We continued to run across the bridge and from time-to-time I turned back to see Leral. Each time I looked, he was defeating another foe. Those he had not thrown to their deaths, laid broken before his feet. When I last saw Leral on that bridge, there were over 20 foes lying on the ground, and not one had stepped onto the bridge, as he had promised.
We made our way to Shelonin, where we were met with great kindness. They took us in and gave us food and shelter. Later that night we were roused from our sleep by some of the locals. They brought us to the town gate, where Leral was standing. He was alive and had not a mark upon him. We greeted him with both joy and wonder.
The next day I asked him about the bridge. He told me that he could not remember any of the events that occurred. His last memory was just before we stepped onto the bridge, and his next memory was when he found himself on the other side of the bridge, alone.
When I pressed him about that moment before we stepped onto the bridge, he remembers hearing a voice, say to him, “You shall be the vessel of my protection, you shall be the Defender of your people.”
The Church of the All Father defines a Defender as an individual who, under times of extreme duress, is visited upon by the Kiv’uli and given power to overcome all physical dangers, in order to protect the Church of the All-Father or its followers.
What marks someone to be a Defender?
There have been no more than 100 documented defenders in over 1500 years of the Church’s existence. In all the cases each person had a near-death experience at some time in their youth. Church scholars believe that these near-death experiences bring a person closer to Olamaba and the Father’s attention, preparing a person for being a proper vessel for the Kiv’uli to inhabit.
The Church and the Defenders
The Church reveres its Defenders. Their stories are recorded and their names become part of the legacy of the Church. Defenders are often mentioned in various prayer services, when talking about sacrifice. Tales of the Defenders of also favorite stories to tell children, who love their heroic tales.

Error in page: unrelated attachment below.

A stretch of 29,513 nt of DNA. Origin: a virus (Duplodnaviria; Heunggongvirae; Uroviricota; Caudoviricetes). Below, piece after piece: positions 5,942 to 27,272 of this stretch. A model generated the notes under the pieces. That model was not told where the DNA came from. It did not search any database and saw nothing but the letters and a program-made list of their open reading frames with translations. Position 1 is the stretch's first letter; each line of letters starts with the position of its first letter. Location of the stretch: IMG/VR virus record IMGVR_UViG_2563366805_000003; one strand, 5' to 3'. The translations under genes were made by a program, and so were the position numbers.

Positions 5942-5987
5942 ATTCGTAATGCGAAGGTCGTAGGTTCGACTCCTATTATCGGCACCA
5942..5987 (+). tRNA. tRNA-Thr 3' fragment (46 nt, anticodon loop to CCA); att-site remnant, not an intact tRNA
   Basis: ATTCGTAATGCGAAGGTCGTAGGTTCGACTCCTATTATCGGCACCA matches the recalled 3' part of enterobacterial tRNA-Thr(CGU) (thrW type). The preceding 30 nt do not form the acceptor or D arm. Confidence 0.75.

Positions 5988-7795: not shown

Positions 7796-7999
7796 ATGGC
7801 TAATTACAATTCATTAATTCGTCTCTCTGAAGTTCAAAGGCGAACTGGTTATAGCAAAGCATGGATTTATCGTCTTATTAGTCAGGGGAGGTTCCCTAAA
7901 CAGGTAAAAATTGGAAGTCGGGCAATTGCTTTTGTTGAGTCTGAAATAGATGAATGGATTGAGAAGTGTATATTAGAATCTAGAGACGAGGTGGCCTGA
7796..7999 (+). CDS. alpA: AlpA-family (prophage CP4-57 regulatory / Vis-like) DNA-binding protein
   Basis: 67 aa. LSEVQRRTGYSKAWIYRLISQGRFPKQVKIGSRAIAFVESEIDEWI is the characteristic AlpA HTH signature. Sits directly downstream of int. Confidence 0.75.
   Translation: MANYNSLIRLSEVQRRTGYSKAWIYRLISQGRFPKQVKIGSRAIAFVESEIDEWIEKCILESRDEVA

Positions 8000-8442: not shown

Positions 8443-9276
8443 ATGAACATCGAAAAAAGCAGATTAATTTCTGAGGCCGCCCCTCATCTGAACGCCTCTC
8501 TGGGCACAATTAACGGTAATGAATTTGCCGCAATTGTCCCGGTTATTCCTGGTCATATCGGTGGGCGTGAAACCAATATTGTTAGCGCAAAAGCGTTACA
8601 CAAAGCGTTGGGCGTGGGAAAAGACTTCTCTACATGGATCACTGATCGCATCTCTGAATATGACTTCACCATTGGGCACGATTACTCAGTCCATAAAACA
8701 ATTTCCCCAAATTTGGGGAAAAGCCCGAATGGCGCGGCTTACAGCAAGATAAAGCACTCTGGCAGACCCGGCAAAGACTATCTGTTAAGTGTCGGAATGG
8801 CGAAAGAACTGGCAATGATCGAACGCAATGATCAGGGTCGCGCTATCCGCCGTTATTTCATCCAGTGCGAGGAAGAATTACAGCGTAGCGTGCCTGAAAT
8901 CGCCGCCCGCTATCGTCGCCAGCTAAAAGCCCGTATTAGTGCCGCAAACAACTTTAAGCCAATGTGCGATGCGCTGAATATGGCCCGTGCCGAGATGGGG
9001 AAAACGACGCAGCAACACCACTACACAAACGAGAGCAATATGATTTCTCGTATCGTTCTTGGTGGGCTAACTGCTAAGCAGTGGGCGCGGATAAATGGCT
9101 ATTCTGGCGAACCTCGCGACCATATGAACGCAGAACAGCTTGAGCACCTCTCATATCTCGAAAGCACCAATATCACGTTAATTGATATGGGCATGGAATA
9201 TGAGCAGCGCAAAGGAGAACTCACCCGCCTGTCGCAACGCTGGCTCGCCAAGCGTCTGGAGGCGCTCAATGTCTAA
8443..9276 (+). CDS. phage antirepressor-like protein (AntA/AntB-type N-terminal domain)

The Church celebrates its Defenders with a feast on the 29th of Highsun, the day that Leral was first transformed. On the Feast of the Defender, there is a prayer service where the participants re-create one of the stories of the Defenders. While Leral’s story is the most popular, many other stories are acted out on this day.
In all cases, there is a moment of great danger that threatens a group of the All-Father’s followers. The Kiv’uli select one of the faithful, known as the vessel. The vessel becomes calm, and often in a detached voice speaks words of encouragement to her companions, and then takes action.
The term vessel is not to be confused with Kelven, the Vessel. Kelven’s title the Vessel was bestowed upon him by Patan, in their first meeting. As always, the topic for a future discussion
The vessel has no memory of what transpires while they are a Defender, but many say they have heard voices just before or just after the incident. There is no set duration for how long a Defender can remain in this state. They remain a Defender until the threat at hand is properly resolved. After the danger has passed, the vessel returns to their natural state.
While the vessel is occupied, it gains great abilities. The ones which have been documented include: being impervious to physical attacks, incredible strength, immunity to fire, in addition to amazing combat prowess, incredible coordination, and the ability to see in all directions.